I was scared. Like, not just nervous … scared.

But the crazy thing is that when I was standing there getting ready to deliver that first pitch to him, I thought back to something Pedro told me all those years ago when he and Papi saw me pitch for the first time.

“Always remember, you are the one who has the ball. You are in control. And you have to make that clear to the batter and everyone else. It doesn’t matter who is in the batter’s box: your little brother, your son, your mom, your uncle, it makes no difference. Anyone you’re facing … they’re your enemy. And you are the one with the ball. You have to have the cojones to say, ‘I’m going to destroy that guy, I don’t care who he is.’ In order to have a shot, you must keep that level of confidence.”

So, in that moment, facing Papi in the World Series, I just tried to do everything I could to follow Pedro’s advice. And, with all due respect, I just said, “You may have seen me as a kid, but we’re on the same level now. And I have the ball. So you are going down.”

It was great.

I did everything just like Pedro said.

Then Papi … got a hit on the very first pitch I threw him.

Martinez Nearly Became A Priest

What started as a pratical joke that was played on him, turned into a possible future for Martinez when he joined a seminary for four years of his life. He says he was always praying for God's help when the rain that flooded his grandmother's home and whenever he needed some help on the baseball diamond. 

But when he was 12-years-old he made the decision to leave home to study and learn about the bible. He says he had one test to go after his four years at the seminary, but then there was a problem. 

I could no longer continue because of some problem with my birth certificate.

I was so close to being done. I didn’t think anything could stop me. But the head teacher brought me in and told me they needed proof of who I was. And at that point, I didn’t have it. My mom never registered my birth before she died, so my uncle had used a birth certificate of his step-child when anyone asked for my papers. When the seminary found out that was not me, and that I didn’t have a valid birth certificate, they said I couldn’t continue.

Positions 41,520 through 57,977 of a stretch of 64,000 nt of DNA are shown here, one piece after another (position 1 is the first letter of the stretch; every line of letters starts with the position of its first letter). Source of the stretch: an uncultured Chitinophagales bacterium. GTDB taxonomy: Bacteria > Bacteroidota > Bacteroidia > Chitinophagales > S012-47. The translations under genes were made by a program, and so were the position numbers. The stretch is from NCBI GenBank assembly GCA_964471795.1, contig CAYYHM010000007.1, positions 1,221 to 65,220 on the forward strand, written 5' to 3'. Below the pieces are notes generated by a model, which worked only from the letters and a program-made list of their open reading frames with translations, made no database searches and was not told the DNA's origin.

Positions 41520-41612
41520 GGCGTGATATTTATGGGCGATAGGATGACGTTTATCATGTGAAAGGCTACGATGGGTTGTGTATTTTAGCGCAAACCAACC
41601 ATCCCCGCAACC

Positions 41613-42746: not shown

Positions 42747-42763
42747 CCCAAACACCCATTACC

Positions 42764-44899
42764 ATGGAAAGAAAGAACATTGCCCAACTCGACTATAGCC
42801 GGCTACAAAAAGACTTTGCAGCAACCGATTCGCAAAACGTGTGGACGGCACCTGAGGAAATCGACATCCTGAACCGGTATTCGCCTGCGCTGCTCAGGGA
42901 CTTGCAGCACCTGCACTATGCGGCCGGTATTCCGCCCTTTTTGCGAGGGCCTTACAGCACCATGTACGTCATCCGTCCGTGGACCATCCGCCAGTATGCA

That moment was one of the lowest points in my life.

It was like I wasn’t even a person, and my thoughts were all so sad.

I have no mom. I have no dad. I have no record that I exist. I’m no one. What am I even doing here in this world?

I moved back in with my grandma. I had no other choice, really."

Martinez's mother died when he was just eight months old and he never knew his father. He has always called his grandmother his mom. 

St. Louis Provides Martinez's Happy Ending

Although his entire story is yet to be finished, the St. Louis Cardinals provided what could be the start of Martinez's happy ending. He says he didn't know much more about St. Louis other than that Albert Pujols played there, when the team signed him. 

But the one thing he was very much impressed by were the fans. 

Everyone I talked to, if I mentioned St. Louis, I’d always hear the same thing.

Great fans there!

They love their baseball.

Those people are … passionate.

Of course, I know now that everything people told me back then was an understatement. From the moment I got to town, people in St. Louis recognized me. And they always stop to say hello, or to wish me the best of luck. It makes me smile every time, and I always love talking and joking around with our fans and just having fun together.

They are a part of the team, as far as I’m concerned. And their enthusiasm is unmatched. Every time I take the mound, I’m reminded of just how lucky I am to be playing in front of Cardinals fans.